Other goals that Musk has revealed are more tangible, such as making the Twitter algorithm open source, verifying more accounts and fighting spam. This would probably improve the user experience and thus the business. But Musk’s commitment to “freedom” also means that Twitter will once again have less content management. While it may help reduce costs in the short term, the reasons why social media giants have tried to prevent misinformation, spam, and worse, have not disappeared. Musk himself once used Twitter to pretend to have a purchase agreement for Tesla. It does not even fit in with his relatively relaxed statement that squeaks must be “in accordance with the laws” of a country.

Furthermore, Musk is a dubious freedom judge. For example, he gets angry when people lack Tesla shares, publicly blaming it for quitting the planet rather than just putting money on the free market (Bill Gates is the latest example). In 2020, Musk described the temporary Covid-19 closure in California as “fascist,” a sign that seems a bit far-fetched, especially when the man raises his flag. Gadsden (a historic American flag with a yellow box depicting a wooden rattlesnake that is wound up and ready to strike. Under the rattlesnake are the words: “Do not trample on me,” which represents individualism and freedom) he also runs a car company where its wealth is increasingly tied to the utopia of self-expression, China.

This mix of centralized power, coexistence and ill-defined tasks suggests that Twitter-owned Musk, like Tesla, will be vulnerable to sudden policy changes. We can probably expect an edit button, then changes to the edit button, maybe a survey or two on the edit button and then, who knows, the edit button will be removed. This is not necessarily a bad thing from an operational point of view. Tesla, after all, bounced back from the edge with such a gesture after the failed launch of Model 3. But it will likely lead to higher staff turnover, especially at higher levels. Because Twitter will be a private company, we could only be notified of such changes through Musk’s personal account. In fact, it’s not that different from Tesla these days.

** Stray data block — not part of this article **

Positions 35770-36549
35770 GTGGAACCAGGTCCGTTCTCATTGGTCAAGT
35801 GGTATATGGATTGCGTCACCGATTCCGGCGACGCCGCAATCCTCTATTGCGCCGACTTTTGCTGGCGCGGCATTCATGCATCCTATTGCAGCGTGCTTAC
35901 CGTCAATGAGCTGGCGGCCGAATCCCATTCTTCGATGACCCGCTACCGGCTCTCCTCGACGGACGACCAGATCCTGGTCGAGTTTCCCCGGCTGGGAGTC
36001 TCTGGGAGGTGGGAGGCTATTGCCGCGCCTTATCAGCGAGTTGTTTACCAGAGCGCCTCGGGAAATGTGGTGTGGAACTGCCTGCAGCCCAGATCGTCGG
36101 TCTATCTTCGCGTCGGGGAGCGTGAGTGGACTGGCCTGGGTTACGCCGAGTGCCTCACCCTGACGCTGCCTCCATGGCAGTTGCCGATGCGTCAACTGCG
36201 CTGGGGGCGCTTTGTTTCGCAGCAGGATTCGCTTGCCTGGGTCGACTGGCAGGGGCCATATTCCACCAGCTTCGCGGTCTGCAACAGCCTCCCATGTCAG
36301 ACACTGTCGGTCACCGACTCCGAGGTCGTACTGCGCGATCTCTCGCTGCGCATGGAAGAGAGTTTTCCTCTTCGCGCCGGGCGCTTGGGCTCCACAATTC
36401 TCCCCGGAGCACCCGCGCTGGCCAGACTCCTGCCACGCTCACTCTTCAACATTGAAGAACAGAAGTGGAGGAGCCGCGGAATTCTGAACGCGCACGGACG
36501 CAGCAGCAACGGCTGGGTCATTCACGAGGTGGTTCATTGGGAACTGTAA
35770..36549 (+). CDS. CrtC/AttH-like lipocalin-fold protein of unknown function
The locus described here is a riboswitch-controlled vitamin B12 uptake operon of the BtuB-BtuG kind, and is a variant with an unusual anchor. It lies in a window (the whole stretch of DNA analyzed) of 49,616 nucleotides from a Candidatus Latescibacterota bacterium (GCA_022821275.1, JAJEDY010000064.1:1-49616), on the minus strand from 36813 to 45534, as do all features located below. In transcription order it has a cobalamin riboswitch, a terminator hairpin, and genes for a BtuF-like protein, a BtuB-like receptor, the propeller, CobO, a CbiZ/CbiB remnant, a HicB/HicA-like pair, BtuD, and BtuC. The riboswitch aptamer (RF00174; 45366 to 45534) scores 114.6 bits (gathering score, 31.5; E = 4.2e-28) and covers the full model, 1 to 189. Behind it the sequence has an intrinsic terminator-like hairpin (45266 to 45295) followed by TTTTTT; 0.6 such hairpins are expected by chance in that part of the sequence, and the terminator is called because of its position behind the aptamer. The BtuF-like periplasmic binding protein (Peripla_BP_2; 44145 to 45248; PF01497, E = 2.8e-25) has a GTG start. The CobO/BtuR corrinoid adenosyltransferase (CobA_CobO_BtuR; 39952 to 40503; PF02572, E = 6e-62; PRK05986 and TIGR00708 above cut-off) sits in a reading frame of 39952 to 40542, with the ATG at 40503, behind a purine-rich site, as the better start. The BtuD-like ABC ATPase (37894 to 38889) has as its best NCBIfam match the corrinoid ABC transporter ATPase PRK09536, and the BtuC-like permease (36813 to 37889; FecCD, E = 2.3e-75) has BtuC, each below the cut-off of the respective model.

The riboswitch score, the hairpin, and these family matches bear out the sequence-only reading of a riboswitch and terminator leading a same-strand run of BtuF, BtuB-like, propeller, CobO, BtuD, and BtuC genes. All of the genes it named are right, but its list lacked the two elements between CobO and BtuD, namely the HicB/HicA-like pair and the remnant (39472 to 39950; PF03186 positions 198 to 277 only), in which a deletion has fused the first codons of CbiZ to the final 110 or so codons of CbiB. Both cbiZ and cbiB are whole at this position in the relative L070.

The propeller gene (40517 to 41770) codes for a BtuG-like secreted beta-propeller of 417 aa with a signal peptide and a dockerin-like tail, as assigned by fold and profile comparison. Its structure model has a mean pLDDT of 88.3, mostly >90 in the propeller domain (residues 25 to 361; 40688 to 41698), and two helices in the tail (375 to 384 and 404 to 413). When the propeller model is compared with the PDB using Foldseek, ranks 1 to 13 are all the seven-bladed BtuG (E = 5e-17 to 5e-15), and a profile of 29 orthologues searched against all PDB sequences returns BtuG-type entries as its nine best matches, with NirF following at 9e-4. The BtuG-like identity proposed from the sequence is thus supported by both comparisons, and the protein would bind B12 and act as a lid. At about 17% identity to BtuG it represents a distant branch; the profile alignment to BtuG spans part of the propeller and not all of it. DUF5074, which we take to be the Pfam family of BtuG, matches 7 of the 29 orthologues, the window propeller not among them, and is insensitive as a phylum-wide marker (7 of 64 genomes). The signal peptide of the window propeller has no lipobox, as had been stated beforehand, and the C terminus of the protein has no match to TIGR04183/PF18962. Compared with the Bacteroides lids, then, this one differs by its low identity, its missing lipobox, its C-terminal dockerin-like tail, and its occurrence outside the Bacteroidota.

Once again, with Twitter, we are talking about voices, not vehicles. A constant theme at Tesla, indeed a sales commodity for its fans, has been Musk’s willingness to go against regulations and regulators accused of enforcing them, especially when it comes to the fiftieth award for self-driving vehicles. Tesla is perhaps the largest car company in the world in terms of market value, but its small market share and new technology make it possible to maintain the image of the strange underdog. Inconsistencies are often forgiven for their transgressions.

Twitter, on the other hand, is already a powerful platform. Being bought by the richest person in the world only adds to it. This is not like getting into the car industry; it’s about protecting existing parties. There is no history of subterfuge here and the aspects of society that Twitter touches on (privacy, wealth, health, politics, freedom of speech (whatever you define it), to name a few) are far more prominent and have more emotional weight than Twitter does a car or solar battery. While Musk seems to enjoy confrontation, especially on Twitter, having a platform will mean having to meet the different wishes and comforts of his users (or risk leaving), as well as maintaining a social license to work.

With Tesla, Musk has proven to be talented at offering public money while keeping the company, its policies, image and even oversight, essentially its private territory. He put “the master” in the main plan. By taking Twitter into your own hands, you may be opening the door to a screaming audience.

This comment does not necessarily reflect the views of the editorial staff or Bloomberg LP and its owners.

This article was translated by Miriam Salazar